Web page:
we were obliged to investigate that.  We could not.. I could not walk away from that.  That's what I signed 
up to in medicine and however uncomfortable it might get for me, that was the deal.

BARCLAY:  When doctors at the Royal Free examined what was going on inside the bowels of children 
with Rory's symptoms, a procedure called 'scoping', they found swelling and inflammation, evidence of a 
new condition which seemed to be affecting some autistic children.  Simon Murch, a specialist in children's 
bowel disease, tries to examine Rory to see if his condition has improved.  He believes Rory and the other 
children could be suffering from a disease trigged by defects in their immune system.  Even though he 
hasn't linked it with MMR, he's found himself drawn into the controversy.

Paediatric Gastroenterologist
I've been advised by colleagues that it is better to accept that a very few children can have adverse events 
than to continue investigating that if it's going to have an impact on the vaccine uptake internationally. 

BARCLAY:  Concerns about MMR have had an impact on many families including the Wakefields.  
Andrew Wakefield and his wife Carmel, also a doctor, have had to make their own choices about whether 
to vaccinate their children.

Andy has never ever, ever advocated not vaccinating, and indeed our first two children, who were born.. 
well the first was born as MMR was introduced so he was one of the children who had MMR as would be 
normal and accepted practice at that time, as was our second child.  As Andy's work was unfolding and the 
potential link between MMR and problems began to unfold then we had to reappraise our policy on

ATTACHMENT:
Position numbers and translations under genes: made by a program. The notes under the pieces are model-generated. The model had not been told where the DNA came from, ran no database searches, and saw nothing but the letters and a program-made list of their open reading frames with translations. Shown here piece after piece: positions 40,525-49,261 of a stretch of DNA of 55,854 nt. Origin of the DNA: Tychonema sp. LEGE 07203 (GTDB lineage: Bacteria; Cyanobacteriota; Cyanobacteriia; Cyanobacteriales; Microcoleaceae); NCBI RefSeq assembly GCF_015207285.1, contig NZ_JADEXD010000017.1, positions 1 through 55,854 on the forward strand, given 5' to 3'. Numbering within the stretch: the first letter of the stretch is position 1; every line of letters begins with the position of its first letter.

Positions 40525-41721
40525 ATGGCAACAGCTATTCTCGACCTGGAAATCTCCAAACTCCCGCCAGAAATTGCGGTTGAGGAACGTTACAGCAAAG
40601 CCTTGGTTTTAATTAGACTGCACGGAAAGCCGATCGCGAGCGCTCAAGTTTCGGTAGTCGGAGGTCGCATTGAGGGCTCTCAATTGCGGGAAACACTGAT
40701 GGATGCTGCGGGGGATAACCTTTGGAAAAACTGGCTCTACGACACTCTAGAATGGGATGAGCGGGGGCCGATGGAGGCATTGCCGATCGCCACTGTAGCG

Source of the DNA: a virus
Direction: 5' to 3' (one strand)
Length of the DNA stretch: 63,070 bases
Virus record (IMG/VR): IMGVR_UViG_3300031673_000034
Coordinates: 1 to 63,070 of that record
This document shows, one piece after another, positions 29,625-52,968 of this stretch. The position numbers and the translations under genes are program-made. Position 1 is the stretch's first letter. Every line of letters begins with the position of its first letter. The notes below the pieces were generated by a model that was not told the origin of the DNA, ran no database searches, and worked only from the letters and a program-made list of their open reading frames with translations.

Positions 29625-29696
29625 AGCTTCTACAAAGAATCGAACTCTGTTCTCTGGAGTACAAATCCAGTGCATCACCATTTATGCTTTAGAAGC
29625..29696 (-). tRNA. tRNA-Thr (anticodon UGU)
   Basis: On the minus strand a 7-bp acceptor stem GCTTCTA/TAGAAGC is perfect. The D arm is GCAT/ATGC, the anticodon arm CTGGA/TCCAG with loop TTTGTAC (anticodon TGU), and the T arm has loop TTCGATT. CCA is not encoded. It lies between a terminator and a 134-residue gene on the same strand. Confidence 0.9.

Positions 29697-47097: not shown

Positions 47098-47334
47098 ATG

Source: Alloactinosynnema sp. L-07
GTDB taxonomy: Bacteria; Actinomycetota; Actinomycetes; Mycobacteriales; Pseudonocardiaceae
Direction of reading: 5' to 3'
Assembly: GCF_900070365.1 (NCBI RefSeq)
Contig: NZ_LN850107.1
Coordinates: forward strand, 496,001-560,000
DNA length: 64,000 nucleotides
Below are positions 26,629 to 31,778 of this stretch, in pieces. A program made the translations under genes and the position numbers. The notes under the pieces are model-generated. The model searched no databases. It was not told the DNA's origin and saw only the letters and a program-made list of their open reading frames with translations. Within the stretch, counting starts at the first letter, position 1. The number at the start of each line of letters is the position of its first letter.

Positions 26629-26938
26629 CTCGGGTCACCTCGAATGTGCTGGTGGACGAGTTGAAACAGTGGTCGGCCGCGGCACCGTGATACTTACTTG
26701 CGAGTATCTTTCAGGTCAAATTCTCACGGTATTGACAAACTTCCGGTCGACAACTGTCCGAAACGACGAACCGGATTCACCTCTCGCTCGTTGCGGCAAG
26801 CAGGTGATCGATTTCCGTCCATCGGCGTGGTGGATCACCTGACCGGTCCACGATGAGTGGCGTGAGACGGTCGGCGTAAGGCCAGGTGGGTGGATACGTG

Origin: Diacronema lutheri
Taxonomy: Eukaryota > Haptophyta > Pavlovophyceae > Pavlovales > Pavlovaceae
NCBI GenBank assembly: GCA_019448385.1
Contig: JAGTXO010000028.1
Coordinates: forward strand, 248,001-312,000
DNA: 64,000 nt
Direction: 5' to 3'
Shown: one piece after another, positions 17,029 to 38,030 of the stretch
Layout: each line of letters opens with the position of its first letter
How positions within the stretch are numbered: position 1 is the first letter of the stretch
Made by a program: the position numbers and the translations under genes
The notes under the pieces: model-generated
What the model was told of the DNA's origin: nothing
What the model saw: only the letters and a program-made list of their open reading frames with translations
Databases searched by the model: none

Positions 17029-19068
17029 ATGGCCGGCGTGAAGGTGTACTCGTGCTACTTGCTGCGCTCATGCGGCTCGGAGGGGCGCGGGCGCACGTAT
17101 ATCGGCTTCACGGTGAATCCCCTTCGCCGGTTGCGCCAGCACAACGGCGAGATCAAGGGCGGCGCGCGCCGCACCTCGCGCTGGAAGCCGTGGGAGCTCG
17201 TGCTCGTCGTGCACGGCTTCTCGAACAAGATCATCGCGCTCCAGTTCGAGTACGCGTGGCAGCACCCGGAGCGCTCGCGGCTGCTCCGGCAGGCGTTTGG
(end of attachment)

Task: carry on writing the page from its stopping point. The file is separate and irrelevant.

vaccinating our own children, so our second two children have not had MMR vaccination.

BARCLAY:  When Andrew Wakefield first raised concerns about MMR he had no proof that the vaccine 
could cause autism, but he believed it was possible that a harmful, live virus was persisting in the bodies of 
some autistic children.  Over the last year we followed Andrew Wakefield's search for the virus which 
could prove a possible link between MMR and autism.  

Coldspring Harbor, Long Island
February 2001

BARCLAY:  The setting for a prestigious medical conference.  To help in his search for the measles virus 
Andrew Wakefield has turned to Professor John O'Leary, a man internationally renowned for being able to 
detect minute particles of virus in human tissue.  They're here to discuss the possible causes of autism, 
including MMR.

WAKEFIELD:  The question we've been asking, is measles virus present in the intestine of these children.  
The diseased intestine looks like a disease that could be caused by a virus.  Previous research has shown 
that the protein of the virus is in the lymph glands but the gold standard now is to find the gene of the virus 
in there.

BARCLAY:  Meetings here take place far away from public scrutiny.  Unpublished research is revealed and 
discussed.  That's why we weren't allowed to record the presentation made by John O'Leary, but the 
evidence he was presenting seemed significant.  He'd found measles virus in most of the samples he'd tested 
from children with autism and bowel disease.

Trinity College, Dublin
We have found measles virus, we've quantitative, we've localised it and the next thing people want to know 
is.. you know.. what's the sequence strain of it.  I'm sure there are multiple wild type strains existing out 
there, there are multiple strains in vaccines, so it's a very difficult job.

BARCLAY:  No one at the meeting disputed these findings, but until they're published in a respected